2012 Volume 19 Issue 12 Pages 1142-1153
Aim: Aspirin is an antiplatelet drug widely used for the prevention of cardiovascular disease; however, it is known to increase bleeding events. A low response to aspirin was reported to correlate with poor prognosis in patients undergoing antiplatelet therapy with aspirin. The aim of this study was to evaluate the impact of the antiplatelet activity of aspirin on cardiovascular and bleeding events in Japanese patients.
Methods: We analyzed the clinical course of 239 Japanese patients undergoing antiplatelet therapy with aspirin for a median of 64 months in this study. Their residual platelet reactivity was examined at enrollment and after 2 years. The co-primary endpoints were the occurrence of major adverse cardiac and cerebrovascular events (MACCEs) and bleeding events.
Results: The annual incidence of MACCEs and major bleeding events was 3.7% and 0.48%, respectively. With defined criteria, 67 patients (28%) were classified as low responders based on the platelet aggregability measured at enrollment. Low response to aspirin was not associated with increased MACCEs, while it clearly increased MACCEs in patients less than 70 years old (low responders 36.9% vs. responders 14.8%, log rank p=0.008). Five major types of bleeding occurred in the responders, but not in low responders, although the difference was not statistically significant (p= 0.07).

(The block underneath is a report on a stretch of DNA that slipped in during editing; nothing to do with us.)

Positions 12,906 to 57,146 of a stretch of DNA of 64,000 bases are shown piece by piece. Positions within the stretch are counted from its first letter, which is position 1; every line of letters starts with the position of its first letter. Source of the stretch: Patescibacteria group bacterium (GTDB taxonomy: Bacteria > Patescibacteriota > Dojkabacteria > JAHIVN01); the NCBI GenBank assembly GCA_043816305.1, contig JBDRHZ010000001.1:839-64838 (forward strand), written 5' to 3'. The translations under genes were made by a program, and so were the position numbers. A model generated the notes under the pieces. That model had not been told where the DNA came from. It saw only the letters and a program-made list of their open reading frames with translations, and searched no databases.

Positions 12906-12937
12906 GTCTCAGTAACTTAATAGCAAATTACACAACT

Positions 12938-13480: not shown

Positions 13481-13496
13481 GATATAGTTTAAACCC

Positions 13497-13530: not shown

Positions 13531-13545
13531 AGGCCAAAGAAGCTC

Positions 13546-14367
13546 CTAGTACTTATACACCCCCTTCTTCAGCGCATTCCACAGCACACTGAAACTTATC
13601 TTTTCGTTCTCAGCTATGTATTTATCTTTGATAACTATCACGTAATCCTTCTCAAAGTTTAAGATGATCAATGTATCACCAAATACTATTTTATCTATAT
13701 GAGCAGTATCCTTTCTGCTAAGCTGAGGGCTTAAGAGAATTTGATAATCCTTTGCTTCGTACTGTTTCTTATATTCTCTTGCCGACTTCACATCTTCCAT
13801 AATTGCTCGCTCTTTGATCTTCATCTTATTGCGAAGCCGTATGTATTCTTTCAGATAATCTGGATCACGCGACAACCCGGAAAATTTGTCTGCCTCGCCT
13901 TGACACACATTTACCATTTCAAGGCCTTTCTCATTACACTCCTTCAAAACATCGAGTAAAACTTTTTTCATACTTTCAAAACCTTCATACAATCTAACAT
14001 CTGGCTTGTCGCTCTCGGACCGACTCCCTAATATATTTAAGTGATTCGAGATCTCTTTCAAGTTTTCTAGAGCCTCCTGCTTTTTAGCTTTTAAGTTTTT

Conclusion: Low response to aspirin was not associated with the increase of long-term MACCEs, while it increased MACCEs in patients less than 70 years old; however, it tended to decrease major bleeding events in Japanese patients.